Isn’t that good news? You aren’t stuck with today’s personality. You aren’t condemned to “grumpydom.” You are tweakable. Even if you’ve worried each day of your life, you needn’t worry the rest of your life. So what if you were born a bigot? You don’t have to die one.
Where did we get the idea we can’t change? Jesus can change our hearts. He wants us to have a heart like his. Can you imagine a better offer?
The Heart of Christ
The heart of Jesus was pure. The Savior was adored by thousands, yet content to live a simple life. He was cared for by women (Luke 8:1-3) yet never accused of lustful thoughts, scorned by His own creation but willing to forgive them before they even requested His mercy. Peter, who traveled with Jesus for three and a half years, described Him as a “lamb unblemished and spotless” (1 Peter 1:19). After spending the same amount of time with Jesus, John concluded, “And in Him is no sin” (1 John 3:5).
Jesus’ heart was peaceful. The disciples fretted over the need to feed the thousands, but not Jesus. He thanked God for the problem. The disciples shouted for fear in the storm, but not Jesus. He slept through it. Peter drew his sword to fight the soldiers, but not Jesus. He lifted His hand to heal. His heart was at peace. When His disciples abandoned Him, did He pout and go home? When Peter denied Him, did Jesus lose His temper? When the soldiers spit in His face, did He breathe fire in theirs? Far from it. He was at peace. He forgave them. He refused to be guided by vengeance.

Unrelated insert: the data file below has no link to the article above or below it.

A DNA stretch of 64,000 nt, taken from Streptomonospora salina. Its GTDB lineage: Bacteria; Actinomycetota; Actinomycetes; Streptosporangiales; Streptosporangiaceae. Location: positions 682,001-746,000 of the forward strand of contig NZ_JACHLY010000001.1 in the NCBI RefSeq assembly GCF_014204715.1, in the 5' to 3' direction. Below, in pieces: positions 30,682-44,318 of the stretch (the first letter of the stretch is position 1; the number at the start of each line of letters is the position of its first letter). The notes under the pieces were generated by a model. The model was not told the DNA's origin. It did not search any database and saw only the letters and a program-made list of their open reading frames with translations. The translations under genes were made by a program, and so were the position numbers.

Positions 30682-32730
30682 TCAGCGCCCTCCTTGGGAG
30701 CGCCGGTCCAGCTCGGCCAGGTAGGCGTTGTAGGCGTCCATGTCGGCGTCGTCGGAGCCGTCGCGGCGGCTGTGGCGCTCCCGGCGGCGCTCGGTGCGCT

He also refused to be guided by anything other than His high call. His heart was purposeful. Most lives aim at nothing in particular and achieve it. Jesus aimed at one goal – to save humanity from its sin. He could summarize His life with one sentence: “The Son of man came to seek and to save the lost” (Luke 19:10).
Jesus was so focused on His task that he knew when to say, “My time has not yet come” (John 2:4) and when to say, “It is finished” (John 19:30). But he was not so focused on his goal that he was unpleasant.
Quite the contrary. How pleasant were His thoughts! Children couldn’t resist Jesus. He could find beauty in lilies, joy in worship, and possibilities in problems. He would spend days with multitudes of sick people and still feel sorry for them. He spent more than three decades wading through the muck and mire of our sin yet still saw enough beauty in us to die for our mistakes.
But the crowning attribute of Christ was this: His heart was spiritual. His thoughts reflected His intimate relationship with the Father. “I am in the Father and the Father is in Me,” he stated (John 14:11). His first recorded sermon begins with the words, “The Spirit of the Lord is upon Me” (Luke 4:18). He was “led by the Spirit” (Matthew 4:1) and “full of the Holy Spirit” (Luke 4:1). He returned from the desert “in the power of the Spirit” (Luke 4:14).